I11. Advances in modelling and control of large-scale water resources systems

Large-scale water resources systems are formed by interacting sub-systems, whose different spatial and temporal characteristics make them strongly heterogeneous. Additional complexity is posed by their large dimensionality, the presence of non-linear phenomena, the uncertainty associated to disturbances and the presence of multiple water users. Modelling and control of these systems thus calls for the development and adoption of innovative methods.

The complex sensors networks and/or the process-based models typically adopted in the water-resources community often provide large amounts of data that cannot be analysed and properly employed with traditional system identification techniques. This calls for the adoption of efficient methods, as feature extraction, variable selection or emulation modelling techniques. Moreover, the distributed nature of such systems is a further reason for the increasing interest in multi-agent systems modelling. On the control side, the large dimensionality of these systems makes the traditional, centralized optimal control approaches hardly usable, thus requiring for the adoption of novel techniques, as reinforcement learning and distributed control.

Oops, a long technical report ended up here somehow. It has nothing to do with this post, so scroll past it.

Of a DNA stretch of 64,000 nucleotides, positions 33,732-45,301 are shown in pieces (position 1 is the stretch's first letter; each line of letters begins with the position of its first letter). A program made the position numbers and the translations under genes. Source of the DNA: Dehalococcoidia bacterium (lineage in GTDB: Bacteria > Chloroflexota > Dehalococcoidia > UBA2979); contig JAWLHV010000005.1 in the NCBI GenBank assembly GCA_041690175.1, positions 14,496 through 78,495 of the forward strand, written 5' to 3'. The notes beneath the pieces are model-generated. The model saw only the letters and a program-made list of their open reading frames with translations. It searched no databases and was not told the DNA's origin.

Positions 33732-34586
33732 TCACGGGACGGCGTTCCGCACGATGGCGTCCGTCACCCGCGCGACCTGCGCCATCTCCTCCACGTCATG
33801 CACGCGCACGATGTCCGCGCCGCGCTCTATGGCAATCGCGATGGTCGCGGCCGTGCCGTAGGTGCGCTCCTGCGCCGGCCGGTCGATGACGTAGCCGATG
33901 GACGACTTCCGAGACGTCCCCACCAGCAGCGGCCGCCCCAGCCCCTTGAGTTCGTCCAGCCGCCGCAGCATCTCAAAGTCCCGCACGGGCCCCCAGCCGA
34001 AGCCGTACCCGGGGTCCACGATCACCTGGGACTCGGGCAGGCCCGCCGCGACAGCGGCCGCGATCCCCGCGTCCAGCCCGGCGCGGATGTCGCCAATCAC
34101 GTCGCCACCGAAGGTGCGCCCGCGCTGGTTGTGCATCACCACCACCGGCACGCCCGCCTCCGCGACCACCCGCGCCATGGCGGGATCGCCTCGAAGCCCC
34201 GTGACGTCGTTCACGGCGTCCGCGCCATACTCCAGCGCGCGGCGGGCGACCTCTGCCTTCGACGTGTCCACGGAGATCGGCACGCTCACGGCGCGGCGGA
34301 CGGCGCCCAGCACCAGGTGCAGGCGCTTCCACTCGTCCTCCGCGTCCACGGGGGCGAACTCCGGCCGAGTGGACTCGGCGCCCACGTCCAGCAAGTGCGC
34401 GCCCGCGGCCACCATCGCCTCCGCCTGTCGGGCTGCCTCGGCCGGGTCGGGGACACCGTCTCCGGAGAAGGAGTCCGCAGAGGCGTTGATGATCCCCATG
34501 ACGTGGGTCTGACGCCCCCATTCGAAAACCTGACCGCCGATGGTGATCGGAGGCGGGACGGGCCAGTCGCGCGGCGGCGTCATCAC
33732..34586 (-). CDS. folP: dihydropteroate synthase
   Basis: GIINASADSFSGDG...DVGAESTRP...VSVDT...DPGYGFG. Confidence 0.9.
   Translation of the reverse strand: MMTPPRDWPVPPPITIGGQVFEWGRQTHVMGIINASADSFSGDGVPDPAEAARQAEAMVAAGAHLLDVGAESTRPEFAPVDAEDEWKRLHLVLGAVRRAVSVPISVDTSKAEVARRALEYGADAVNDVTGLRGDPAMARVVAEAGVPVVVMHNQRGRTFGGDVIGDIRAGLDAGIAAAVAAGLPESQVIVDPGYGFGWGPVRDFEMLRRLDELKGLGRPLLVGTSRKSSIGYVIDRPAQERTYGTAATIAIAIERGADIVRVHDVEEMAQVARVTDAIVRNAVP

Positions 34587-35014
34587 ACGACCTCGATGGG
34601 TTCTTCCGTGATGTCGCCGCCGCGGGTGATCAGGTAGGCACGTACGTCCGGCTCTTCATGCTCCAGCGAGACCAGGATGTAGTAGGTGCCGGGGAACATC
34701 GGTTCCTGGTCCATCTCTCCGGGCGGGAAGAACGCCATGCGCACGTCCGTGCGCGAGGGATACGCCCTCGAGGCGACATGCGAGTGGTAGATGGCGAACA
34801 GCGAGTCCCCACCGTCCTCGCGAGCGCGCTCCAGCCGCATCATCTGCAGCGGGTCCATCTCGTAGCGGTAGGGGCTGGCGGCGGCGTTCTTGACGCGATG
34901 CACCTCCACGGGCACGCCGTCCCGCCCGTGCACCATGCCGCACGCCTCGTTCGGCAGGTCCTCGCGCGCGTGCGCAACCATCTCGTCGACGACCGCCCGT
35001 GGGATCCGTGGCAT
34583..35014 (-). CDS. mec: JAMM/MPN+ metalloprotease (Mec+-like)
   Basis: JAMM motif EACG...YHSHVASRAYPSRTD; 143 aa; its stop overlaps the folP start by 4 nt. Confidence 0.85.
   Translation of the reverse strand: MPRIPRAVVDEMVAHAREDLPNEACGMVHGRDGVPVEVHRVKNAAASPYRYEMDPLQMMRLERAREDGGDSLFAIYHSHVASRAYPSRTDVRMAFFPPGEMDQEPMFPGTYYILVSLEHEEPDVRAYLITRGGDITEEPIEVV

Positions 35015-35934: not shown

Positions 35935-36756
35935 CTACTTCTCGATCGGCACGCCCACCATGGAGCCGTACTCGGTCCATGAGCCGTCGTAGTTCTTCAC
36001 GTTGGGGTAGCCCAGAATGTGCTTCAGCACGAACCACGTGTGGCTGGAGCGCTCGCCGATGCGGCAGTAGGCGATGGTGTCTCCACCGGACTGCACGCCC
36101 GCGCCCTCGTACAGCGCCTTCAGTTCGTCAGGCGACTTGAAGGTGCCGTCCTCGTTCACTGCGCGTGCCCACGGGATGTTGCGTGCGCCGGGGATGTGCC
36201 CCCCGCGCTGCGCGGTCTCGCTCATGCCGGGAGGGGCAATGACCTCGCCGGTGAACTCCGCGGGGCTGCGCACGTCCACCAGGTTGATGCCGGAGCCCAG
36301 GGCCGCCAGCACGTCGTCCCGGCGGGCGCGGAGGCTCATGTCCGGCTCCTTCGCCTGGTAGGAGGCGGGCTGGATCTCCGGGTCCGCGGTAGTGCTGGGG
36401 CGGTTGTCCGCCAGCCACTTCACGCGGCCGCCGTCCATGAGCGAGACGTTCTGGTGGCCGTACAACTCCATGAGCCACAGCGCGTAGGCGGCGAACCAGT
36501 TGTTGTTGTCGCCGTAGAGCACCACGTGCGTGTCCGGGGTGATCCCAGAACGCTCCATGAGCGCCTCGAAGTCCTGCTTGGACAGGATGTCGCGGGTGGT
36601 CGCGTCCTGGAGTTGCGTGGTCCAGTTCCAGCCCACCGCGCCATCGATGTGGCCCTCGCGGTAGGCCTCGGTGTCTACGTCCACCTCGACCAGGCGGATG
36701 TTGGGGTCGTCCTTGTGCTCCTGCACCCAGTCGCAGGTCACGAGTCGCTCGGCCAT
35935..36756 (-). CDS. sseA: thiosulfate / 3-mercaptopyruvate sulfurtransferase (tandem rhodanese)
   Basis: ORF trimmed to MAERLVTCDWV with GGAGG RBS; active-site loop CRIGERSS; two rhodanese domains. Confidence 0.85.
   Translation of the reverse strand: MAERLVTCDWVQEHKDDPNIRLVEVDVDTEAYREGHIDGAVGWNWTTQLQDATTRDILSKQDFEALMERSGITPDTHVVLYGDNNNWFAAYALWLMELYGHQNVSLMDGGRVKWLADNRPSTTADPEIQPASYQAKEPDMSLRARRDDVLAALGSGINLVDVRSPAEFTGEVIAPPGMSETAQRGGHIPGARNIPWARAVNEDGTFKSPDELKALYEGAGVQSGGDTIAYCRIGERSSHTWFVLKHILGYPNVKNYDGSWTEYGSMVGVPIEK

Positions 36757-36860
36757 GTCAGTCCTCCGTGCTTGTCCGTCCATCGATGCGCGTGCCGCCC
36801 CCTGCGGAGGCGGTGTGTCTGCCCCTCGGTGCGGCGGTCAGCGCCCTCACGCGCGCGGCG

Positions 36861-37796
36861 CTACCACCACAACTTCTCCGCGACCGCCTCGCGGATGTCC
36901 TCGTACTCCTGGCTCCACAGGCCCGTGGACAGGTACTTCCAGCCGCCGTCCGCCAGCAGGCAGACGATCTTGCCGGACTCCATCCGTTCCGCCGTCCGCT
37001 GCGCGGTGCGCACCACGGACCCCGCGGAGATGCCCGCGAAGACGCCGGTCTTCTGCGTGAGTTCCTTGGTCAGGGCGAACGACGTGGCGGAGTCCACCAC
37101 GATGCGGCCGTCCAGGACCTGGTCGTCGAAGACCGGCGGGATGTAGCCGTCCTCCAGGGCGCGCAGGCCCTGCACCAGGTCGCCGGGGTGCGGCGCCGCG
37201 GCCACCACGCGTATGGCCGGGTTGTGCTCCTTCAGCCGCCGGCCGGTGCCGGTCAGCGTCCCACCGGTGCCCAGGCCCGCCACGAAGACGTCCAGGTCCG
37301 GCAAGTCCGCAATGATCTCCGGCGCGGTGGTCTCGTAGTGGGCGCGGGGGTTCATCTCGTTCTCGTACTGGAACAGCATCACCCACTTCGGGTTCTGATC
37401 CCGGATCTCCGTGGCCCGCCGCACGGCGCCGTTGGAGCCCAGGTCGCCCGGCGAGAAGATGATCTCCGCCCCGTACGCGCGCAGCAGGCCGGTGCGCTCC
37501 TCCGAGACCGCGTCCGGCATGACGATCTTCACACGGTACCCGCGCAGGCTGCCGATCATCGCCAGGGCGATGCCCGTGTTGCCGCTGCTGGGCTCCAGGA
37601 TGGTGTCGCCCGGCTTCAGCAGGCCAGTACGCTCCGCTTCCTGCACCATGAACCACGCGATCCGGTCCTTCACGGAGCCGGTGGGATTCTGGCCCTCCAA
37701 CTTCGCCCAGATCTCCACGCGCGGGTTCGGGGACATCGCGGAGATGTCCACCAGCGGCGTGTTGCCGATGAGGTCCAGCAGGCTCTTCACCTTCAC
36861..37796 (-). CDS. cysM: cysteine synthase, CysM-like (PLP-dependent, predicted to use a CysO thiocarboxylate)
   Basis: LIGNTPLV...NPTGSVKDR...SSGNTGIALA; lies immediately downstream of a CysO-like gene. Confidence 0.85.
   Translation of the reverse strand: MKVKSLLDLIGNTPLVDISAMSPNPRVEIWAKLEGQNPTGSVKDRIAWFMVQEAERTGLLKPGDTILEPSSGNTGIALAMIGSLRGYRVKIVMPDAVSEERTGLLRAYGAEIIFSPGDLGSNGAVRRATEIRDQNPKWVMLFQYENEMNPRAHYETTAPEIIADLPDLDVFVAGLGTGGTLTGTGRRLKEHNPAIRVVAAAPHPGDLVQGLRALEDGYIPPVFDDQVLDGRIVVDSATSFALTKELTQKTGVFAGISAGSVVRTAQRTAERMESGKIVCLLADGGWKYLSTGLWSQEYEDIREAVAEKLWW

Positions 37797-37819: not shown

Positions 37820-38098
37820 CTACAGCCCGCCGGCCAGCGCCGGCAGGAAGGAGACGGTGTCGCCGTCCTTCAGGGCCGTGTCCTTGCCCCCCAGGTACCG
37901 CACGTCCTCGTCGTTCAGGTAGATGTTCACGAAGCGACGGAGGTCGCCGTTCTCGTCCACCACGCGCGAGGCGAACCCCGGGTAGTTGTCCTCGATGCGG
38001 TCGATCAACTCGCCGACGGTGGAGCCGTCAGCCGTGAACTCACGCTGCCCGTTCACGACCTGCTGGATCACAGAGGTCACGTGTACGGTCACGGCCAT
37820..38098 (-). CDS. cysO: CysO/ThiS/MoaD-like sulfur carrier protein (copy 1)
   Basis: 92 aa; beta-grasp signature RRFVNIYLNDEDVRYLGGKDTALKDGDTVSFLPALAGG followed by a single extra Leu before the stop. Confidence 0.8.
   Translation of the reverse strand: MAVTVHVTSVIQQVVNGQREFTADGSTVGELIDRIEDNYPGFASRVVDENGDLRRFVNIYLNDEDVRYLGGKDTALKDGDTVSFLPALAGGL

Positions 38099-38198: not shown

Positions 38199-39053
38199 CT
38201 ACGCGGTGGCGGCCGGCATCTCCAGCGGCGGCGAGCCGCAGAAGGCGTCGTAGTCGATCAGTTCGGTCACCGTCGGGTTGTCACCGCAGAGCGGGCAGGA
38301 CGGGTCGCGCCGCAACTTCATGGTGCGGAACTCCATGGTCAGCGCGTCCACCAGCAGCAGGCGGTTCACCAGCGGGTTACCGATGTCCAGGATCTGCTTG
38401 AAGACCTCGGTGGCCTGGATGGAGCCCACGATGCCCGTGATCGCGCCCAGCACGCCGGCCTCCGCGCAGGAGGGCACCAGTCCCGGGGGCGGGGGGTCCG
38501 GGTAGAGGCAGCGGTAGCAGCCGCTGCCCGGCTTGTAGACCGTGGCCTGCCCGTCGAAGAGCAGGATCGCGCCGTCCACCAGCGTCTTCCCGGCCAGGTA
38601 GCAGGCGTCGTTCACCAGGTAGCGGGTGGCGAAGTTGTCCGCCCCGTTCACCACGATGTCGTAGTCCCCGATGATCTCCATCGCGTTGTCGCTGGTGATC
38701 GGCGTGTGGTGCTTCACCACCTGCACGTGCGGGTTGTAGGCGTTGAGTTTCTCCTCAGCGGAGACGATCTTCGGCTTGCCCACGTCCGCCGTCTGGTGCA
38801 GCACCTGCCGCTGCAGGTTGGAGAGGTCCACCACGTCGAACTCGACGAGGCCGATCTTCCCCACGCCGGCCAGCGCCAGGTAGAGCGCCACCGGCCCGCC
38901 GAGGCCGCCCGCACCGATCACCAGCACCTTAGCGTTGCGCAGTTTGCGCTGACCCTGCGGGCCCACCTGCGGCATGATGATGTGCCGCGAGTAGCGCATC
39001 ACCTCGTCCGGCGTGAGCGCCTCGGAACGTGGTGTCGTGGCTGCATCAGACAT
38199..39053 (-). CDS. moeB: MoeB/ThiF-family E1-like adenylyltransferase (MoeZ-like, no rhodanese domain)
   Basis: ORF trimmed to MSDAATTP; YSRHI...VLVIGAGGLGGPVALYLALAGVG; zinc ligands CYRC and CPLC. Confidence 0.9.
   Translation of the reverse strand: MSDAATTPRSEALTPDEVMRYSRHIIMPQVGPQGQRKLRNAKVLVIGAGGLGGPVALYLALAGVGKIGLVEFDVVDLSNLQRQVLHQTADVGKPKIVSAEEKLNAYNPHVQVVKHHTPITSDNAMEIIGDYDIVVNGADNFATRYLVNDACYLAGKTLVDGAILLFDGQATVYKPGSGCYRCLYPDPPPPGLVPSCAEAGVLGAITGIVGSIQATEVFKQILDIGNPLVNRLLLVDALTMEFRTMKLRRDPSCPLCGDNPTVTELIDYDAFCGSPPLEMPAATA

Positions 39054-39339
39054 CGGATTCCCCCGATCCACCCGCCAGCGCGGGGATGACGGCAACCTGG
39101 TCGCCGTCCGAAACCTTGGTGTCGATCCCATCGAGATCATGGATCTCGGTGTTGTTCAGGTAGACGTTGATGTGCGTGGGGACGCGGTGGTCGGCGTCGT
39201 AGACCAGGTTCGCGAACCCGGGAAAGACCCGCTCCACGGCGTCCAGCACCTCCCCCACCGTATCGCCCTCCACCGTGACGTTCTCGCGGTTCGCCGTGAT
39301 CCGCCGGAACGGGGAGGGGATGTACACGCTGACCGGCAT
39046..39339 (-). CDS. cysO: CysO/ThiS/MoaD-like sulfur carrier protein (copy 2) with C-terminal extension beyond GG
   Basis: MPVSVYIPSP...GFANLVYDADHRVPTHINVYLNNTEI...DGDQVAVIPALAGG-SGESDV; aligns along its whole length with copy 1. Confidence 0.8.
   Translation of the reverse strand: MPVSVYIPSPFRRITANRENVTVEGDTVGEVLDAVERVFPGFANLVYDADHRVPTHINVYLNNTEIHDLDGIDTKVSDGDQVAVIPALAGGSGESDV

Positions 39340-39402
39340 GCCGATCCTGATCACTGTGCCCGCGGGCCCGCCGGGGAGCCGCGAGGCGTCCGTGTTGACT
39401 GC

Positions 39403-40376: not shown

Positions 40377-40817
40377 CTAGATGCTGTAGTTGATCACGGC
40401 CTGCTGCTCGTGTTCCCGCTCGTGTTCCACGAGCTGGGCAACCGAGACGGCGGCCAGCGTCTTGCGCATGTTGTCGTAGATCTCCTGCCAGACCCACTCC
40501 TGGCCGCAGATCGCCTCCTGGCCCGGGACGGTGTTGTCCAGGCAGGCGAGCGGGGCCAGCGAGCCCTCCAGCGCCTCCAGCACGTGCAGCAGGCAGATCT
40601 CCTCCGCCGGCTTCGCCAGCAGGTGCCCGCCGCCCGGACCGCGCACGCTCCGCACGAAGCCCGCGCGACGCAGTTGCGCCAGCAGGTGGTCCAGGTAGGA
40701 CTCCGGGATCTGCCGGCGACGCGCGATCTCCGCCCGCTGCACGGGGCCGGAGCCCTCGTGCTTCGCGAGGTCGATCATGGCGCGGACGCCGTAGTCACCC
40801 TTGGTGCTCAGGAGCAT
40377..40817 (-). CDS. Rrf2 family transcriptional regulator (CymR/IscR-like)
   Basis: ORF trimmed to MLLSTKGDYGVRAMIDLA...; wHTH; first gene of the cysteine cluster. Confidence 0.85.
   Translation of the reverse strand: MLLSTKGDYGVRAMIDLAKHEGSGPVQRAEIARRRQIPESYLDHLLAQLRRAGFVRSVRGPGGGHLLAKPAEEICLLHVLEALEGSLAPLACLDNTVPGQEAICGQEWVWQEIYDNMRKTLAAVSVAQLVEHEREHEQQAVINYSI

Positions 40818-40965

The aim of this session is to provide an active forum in which to discuss the integration and appropriate application of novel methods, algorithms and methodologies for efficient modelling and control of large-scale water resources systems. The proposed topic will include a large spectrum of methodological and practical activities.

The main topics will focus on the following areas:

Applications can belong to any area of large-scale water resources systems: water quality modelling and control, rainfall-runoff modelling, control of large-scale systems, optimal planning of water resources, analysis of hydro-meteorological data sets, etc.